Kenneth B. Quinan (known as "KBQ"), explosives technologist, was a son of Henry J. Quinan and his wife Julia Wyckham. After completing his schooling and spending some time on a sailing ship he started work at the Hercules Powder Works at Pinole (just north of Oakland, California), belonging to the California Powder Company, where his uncle, William R. Quinan* was the manager. Here he gained considerable experience in the manufacture of explosives and other aspects of chemical technology. He had no higher education.
William Quinan came to the Cape Colony in 1899 to set up the De Beers Explosive Works at Somerset West, of which he became general manager, and asked Kenneth to join him there. Kenneth arrived in April 1901. The factory started production in August 1903. By 1905 Kenneth was works manager, but as William's health became poorer he took over more responsibility for the running of the factory, which was renamed the Cape Explosives Works in 1906. He succeeded William as general manager in 1909. In 1912 he wrote an article on "Use of explosives for agriculture" in the Agricultural Journal of the Union of South Africa. An important development initiated by Kenneth was the erection of a glycerine refining plant at the Somerset West works. It started production in August 1912 and its production was important in the supply of nitro-glycerine to the mining industry during World War I (1914-1918).
As a result of his unique knowledge of the large-scale manufacture of high explosives Quinan left for England at the request of the British government in December 1914 to head the factories branch of the Department of Explosives Supplies in the Ministery of Munitions. In record time he designed and supervised the construction of a TNT plant at Oldsbury, completed in May 1915, and supervised various munitions and poison gas facories. He gained a reputation as an outstanding organiser and man of genius during the war years and produced many technical reports. For his war work he was made a Companion of Honour, received an honorarium of ?10 000, was thanked by the British Prime Minister in the House of Commons, and was awarded the French Croix de Guerre. Meanwhile he remained in charge of the Cape Explosive Works.
Quinan was a man of foresight and upon his return to Somerset West set about extending the product range of the Cape Explosive Works. His recommendation led to the purchase and installation of an American detonator plant in 1919. That same year he resigned as general manager of the works and was appointed development consultant to De Beers. He planned the addition of a large superphosphate plant to the works at Somerset West, which came into operation in 1921. Then in 1924 the works was amalgamated with the factories at Modderfontein and Umbogintwini and with the appointment of a new board of directors he retired from the company. The factory which he had managed thus became part of the second largest of its kind in the world and with its expansion into chemical fertilisers and other products made a significant contribution to the industrial and agricultural development of South Africa. Some of his inventions were patented in Europe and the United States.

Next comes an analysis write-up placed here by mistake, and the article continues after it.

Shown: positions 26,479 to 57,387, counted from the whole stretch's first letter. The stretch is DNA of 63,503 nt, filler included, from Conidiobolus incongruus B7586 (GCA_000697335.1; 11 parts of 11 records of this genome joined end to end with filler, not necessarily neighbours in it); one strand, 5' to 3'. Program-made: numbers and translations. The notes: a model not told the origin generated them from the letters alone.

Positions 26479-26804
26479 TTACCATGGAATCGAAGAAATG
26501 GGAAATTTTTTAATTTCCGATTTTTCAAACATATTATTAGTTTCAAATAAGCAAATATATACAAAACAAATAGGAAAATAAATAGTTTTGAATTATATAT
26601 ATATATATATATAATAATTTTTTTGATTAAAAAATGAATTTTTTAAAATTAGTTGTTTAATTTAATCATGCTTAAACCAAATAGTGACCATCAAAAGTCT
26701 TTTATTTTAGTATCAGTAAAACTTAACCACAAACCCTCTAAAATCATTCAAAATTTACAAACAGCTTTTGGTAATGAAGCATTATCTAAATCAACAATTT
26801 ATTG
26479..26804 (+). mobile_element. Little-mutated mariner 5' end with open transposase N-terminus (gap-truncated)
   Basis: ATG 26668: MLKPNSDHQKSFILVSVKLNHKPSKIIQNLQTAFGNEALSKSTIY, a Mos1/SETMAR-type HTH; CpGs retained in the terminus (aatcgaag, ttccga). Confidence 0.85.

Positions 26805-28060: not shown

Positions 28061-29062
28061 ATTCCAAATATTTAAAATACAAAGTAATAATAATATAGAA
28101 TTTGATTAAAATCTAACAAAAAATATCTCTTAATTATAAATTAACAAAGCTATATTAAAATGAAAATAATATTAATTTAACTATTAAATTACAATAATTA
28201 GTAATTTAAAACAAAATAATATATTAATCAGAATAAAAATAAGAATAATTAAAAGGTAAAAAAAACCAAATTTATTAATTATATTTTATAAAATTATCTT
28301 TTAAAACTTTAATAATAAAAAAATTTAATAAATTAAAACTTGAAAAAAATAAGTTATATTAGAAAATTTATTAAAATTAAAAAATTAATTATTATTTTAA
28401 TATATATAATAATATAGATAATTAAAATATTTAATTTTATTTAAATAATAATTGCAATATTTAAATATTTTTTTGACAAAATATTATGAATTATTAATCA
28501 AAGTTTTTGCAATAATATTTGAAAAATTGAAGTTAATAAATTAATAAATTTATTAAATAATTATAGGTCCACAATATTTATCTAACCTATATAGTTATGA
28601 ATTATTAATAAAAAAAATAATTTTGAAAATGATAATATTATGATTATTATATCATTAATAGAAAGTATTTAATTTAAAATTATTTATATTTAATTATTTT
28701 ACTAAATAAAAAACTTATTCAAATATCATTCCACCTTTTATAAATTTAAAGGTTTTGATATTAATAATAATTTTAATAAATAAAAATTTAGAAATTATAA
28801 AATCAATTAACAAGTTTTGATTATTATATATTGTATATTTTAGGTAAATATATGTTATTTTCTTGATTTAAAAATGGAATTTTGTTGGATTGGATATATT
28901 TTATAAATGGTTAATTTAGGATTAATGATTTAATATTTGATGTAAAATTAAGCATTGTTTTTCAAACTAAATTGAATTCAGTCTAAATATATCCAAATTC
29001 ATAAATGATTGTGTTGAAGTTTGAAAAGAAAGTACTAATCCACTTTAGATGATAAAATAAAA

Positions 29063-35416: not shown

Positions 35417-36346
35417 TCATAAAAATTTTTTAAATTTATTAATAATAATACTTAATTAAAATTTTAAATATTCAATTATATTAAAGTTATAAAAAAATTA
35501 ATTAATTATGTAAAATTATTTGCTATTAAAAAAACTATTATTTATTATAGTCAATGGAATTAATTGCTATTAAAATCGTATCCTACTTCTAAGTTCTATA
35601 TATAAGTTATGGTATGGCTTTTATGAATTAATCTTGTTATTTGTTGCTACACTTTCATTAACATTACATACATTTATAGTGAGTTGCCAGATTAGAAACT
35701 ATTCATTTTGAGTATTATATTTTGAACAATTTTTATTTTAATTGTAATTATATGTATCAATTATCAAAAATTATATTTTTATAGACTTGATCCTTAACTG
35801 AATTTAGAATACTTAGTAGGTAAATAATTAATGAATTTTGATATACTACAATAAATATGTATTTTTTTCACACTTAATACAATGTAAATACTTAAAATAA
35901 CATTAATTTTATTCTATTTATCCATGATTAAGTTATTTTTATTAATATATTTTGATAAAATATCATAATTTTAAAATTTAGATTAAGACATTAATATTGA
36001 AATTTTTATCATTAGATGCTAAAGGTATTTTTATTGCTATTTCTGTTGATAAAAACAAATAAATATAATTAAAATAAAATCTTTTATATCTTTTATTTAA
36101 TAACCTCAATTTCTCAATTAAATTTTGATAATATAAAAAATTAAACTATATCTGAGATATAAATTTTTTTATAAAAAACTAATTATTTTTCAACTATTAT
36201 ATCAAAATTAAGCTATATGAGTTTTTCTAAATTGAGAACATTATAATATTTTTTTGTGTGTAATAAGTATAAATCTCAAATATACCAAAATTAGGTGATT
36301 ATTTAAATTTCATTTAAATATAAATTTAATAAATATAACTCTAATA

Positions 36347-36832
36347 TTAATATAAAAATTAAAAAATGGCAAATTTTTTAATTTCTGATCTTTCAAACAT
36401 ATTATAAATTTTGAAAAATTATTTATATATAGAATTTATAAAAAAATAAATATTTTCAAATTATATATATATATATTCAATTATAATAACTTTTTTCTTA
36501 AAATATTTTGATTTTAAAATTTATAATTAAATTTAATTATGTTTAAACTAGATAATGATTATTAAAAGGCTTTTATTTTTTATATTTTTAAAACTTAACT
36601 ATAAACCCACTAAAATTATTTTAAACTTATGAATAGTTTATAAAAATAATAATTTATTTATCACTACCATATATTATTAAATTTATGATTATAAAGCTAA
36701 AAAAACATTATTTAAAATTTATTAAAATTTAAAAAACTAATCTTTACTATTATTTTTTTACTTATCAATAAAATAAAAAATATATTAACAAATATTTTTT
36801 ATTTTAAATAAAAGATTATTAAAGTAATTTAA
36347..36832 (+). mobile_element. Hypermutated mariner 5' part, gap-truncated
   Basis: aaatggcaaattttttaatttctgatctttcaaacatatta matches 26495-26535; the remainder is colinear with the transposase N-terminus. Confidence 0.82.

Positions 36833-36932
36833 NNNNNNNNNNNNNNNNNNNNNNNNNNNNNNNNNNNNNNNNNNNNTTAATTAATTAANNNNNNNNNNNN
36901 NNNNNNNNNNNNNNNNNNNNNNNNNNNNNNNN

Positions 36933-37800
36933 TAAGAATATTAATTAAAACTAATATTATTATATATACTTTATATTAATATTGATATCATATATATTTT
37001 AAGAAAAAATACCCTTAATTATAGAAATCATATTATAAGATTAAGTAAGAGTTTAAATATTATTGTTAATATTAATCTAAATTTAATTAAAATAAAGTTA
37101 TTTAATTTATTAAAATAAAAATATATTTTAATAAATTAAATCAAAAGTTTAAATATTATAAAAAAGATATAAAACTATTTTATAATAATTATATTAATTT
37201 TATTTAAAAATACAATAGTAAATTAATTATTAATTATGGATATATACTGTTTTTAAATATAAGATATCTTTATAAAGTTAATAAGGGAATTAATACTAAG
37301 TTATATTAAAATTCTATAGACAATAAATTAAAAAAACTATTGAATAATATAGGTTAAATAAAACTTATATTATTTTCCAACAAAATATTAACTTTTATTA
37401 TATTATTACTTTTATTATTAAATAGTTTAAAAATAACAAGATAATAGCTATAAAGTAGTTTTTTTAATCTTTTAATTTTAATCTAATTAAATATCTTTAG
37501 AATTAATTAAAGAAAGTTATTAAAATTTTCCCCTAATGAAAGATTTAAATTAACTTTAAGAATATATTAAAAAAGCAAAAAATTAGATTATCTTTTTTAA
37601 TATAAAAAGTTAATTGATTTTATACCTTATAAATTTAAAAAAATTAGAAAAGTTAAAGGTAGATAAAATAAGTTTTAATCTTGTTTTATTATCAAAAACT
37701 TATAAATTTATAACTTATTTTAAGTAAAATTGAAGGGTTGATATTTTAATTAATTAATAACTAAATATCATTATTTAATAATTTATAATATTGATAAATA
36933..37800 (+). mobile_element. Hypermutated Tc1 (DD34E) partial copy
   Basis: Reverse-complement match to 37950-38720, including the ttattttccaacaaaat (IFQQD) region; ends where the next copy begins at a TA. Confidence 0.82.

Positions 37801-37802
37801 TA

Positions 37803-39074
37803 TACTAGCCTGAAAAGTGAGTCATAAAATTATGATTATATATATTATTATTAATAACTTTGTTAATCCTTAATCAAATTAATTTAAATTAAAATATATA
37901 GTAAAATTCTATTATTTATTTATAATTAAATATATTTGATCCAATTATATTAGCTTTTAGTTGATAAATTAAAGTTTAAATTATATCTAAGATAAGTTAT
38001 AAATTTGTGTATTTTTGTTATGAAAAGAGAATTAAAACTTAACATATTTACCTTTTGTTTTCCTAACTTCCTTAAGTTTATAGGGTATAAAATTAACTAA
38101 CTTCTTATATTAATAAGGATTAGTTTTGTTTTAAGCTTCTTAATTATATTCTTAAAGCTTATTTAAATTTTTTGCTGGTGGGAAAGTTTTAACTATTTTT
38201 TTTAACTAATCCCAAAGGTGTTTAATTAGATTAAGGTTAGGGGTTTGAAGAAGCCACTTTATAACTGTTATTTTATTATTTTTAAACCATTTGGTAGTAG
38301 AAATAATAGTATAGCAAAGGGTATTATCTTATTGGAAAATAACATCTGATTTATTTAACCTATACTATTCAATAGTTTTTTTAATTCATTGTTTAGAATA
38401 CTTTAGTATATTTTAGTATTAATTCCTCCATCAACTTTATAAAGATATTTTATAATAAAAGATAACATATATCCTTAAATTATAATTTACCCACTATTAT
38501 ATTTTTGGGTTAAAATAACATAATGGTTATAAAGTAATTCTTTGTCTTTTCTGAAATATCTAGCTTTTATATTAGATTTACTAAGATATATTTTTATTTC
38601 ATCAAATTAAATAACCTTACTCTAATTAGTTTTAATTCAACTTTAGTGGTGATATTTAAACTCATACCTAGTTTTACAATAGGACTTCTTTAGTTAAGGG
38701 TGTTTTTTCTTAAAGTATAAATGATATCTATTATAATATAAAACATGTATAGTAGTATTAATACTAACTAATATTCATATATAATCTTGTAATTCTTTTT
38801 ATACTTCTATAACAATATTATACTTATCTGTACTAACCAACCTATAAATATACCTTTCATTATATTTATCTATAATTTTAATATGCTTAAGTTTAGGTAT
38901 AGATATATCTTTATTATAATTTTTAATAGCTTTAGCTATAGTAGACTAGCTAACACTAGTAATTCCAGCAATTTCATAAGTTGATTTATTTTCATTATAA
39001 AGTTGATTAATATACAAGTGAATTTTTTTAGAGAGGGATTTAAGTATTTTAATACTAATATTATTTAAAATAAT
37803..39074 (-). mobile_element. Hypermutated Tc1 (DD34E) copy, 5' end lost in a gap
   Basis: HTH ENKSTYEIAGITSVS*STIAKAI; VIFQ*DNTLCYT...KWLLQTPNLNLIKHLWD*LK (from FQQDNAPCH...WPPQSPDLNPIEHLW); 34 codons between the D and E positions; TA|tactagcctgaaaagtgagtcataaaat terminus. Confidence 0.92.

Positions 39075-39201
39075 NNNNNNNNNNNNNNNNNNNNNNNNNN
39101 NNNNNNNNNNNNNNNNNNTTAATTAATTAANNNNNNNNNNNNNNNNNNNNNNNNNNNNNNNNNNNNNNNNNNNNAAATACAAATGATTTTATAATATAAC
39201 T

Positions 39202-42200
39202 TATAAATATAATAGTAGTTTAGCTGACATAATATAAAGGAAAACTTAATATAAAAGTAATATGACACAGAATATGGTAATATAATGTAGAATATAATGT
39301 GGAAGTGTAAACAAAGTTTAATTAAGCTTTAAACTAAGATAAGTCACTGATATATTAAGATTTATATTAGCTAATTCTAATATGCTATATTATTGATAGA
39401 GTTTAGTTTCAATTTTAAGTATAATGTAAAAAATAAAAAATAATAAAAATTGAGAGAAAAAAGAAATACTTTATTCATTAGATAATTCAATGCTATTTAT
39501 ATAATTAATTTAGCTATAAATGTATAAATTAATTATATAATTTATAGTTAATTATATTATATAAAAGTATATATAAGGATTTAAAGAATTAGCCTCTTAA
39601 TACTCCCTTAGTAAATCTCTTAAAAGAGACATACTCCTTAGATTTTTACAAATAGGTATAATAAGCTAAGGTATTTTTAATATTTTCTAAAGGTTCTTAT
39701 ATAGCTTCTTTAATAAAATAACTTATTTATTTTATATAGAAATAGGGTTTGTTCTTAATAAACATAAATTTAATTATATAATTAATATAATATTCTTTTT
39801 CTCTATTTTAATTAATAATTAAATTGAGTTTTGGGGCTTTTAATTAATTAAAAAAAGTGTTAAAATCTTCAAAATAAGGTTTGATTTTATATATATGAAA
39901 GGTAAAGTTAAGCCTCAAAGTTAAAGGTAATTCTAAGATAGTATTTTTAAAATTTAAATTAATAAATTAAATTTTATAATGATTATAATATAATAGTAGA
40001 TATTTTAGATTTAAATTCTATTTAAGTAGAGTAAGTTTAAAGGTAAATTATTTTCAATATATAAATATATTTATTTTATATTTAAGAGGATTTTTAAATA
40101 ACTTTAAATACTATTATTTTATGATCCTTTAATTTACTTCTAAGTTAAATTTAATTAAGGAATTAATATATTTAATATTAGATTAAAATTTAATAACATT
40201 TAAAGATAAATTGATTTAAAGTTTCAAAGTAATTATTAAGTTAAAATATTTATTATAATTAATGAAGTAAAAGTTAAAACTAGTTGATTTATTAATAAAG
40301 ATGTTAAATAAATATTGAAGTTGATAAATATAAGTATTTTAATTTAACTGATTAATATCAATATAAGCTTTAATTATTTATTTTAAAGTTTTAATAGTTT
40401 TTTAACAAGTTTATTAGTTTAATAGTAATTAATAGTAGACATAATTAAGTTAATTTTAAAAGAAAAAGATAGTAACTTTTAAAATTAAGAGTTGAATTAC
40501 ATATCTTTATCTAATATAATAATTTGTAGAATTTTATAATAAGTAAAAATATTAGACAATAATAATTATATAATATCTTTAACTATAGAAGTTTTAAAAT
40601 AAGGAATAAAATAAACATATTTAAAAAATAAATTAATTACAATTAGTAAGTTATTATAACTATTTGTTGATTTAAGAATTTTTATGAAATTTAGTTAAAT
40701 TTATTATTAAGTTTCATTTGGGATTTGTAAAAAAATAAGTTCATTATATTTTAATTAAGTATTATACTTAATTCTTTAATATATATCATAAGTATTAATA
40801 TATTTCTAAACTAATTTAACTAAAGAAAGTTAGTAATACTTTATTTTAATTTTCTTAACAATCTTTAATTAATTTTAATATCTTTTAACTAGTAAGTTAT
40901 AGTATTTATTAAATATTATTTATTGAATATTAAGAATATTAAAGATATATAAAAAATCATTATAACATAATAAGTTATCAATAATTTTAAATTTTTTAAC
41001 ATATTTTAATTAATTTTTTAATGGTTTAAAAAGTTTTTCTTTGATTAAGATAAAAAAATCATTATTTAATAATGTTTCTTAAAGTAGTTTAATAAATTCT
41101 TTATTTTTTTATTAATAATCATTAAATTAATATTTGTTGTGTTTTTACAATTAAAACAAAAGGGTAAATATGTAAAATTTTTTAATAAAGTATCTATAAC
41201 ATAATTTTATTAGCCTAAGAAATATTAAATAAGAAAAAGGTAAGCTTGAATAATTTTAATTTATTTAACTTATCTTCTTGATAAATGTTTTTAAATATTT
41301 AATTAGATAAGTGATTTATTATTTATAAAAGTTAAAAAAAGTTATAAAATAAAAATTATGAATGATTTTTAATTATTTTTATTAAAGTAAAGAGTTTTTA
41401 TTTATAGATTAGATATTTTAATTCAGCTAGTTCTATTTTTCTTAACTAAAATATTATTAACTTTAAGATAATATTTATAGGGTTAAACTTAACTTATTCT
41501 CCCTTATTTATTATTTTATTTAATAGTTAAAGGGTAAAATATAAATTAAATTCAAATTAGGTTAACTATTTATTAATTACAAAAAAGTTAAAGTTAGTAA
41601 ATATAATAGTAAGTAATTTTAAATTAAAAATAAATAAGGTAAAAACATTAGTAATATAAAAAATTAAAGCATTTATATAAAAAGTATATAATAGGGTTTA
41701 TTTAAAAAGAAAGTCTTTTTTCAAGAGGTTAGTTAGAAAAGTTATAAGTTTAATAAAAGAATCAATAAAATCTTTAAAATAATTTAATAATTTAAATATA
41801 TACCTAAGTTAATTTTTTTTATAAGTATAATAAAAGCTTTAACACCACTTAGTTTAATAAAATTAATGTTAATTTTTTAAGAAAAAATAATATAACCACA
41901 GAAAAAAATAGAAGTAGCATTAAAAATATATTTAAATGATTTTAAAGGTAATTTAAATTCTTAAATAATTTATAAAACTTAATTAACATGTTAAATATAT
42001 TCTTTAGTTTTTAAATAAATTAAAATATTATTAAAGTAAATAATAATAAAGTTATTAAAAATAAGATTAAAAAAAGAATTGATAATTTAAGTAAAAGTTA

Quinan became a member (later a life member) of the South African Association for the Advancement of Science in 1902. He was a member of the South African Chemical Institute from 1921 and was still a member by 1934. He served on the council of the University of Stellenbosch from 1918 to 1926. As an experienced hunter of big game, particularly lion, he was interested in the photography of wild life. A tall, well-built man with extraordinary drive and acumen, he was brilliant, dynamic, eloquent and charming. On 31 December 1923 he married Jean Buchan, with whom he had two sons. He became a naturalised South African citizen in 1939. Retiring to his fruit farm near Somerset West in 1924 Quinan concentrated on the production of table grapes for export. During World War II (1939-1945) he was appointed to the board of management of the ordnance factories at Klipfontein and Firgrove, near Somerset West.